Guest etiquette–Best Hostess Gifts

This is such a stressful subject for men and women, I thought I’d address some basics on the subject. Everything I have learned has been through mortifying experiences, good examples and lots and lots of well-intentioned acts gone awry.
What is a hostess gift?
It’s a present a guest gives the host/hostess as a means of showing gratitude and saying thanks.
Do people actually do this? (Rog asked the first five times)
Yes, they do. In fact, it’s a multi-million dollar business (just look on line if you don’t believe me).
Are you surrreee? (same source as above)
Yes. This is considered good form, tasteful, and in certain circumstances, required.
Is it expensive?

Not at all. Many gifts are less than $40, many less than $20. Homemade gifts, such as banana or pumpkin bread or cookies are a few bucks tops.

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Is it really required in these down, economic times?
Let’s broaden this question to: Is a host/hostess gift ever expected? No. I think not. Sometimes, if a hostess goes all out on a party, she may like a card or something in return. But I can guarantee nary a word will be uttered by the hostess. It’s completely bad form.
Overall, I have zero expectations some one will give me something for throwing a party. In San Francisco, the environment is a bit more formal, for lack of a better word, and gifts were a part of the scene. Loved that. In the south, it was considered bad form to bring food (unless specifically asked by the host/hostess), so flowers are more the norm. In NY, I’ve noticed anything goes, as long as it’s expensive and is in good taste (a’la jewelry and hard to get Broadway tickets are not uncommon) and anything from Red Envelope, with their little red boxes, will be adored.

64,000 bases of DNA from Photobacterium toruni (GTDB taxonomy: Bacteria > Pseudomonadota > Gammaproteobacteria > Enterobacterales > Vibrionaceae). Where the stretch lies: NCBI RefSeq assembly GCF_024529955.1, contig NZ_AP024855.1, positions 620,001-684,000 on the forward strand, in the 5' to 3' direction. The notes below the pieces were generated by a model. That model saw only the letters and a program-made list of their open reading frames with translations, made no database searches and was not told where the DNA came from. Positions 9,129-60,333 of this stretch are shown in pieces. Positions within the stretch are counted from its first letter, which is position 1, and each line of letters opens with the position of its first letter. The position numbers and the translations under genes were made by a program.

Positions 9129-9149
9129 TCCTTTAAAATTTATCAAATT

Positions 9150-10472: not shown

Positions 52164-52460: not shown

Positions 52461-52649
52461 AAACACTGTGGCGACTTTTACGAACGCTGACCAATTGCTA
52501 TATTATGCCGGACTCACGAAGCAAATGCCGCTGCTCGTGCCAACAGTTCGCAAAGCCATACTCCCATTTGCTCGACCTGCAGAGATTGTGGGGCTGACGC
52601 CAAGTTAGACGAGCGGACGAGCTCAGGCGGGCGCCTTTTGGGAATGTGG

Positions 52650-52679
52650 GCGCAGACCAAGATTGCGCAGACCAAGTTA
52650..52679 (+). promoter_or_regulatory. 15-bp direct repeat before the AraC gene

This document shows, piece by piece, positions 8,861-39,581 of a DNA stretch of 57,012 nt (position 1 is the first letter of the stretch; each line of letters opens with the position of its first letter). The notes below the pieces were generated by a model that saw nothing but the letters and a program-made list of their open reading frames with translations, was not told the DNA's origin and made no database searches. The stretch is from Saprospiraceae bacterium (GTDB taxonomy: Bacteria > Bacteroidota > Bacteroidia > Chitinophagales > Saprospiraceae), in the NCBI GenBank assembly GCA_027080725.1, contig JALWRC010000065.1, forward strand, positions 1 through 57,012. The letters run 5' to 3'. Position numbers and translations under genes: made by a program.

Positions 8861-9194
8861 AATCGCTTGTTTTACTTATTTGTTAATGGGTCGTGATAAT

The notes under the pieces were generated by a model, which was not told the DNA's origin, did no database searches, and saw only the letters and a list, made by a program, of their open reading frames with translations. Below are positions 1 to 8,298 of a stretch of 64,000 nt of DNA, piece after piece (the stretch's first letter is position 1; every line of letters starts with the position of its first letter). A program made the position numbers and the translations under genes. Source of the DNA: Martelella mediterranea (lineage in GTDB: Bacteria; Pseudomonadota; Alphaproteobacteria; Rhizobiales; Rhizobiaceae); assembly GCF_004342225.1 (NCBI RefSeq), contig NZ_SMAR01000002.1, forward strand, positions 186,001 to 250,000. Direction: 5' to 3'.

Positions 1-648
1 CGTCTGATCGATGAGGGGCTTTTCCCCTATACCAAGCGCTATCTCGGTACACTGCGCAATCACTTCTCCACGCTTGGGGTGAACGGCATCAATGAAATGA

What is a gift appropriate?
A few pointers:
The first time you have been invited to the home. That’s a must. It conveys appreciation for the fact that the host/hostess have gone to the trouble of making dinner for you (and perhaps your family). After that, you can casually offer to your host/friend if you can bring something. If they say yes—bottled water—ask if they have a preference. If yes, then honor their request for the type if possible. Don’t stray! The host/hostess will be counting on your contribution once you commit. If they decline, use your best judgement.
When someone throws YOU a bridal or baby shower. The hostess has provided the food, the invitations, the venue etc. This can be several hundreds of dollars. That said, when I host either for someone, I expect neither. This is due to the economic realities that the bride/groom-expectant parents have likely shelled out tons of money already. That said, if you are cash positive (and people know this), show good form and treat your hostess (see below).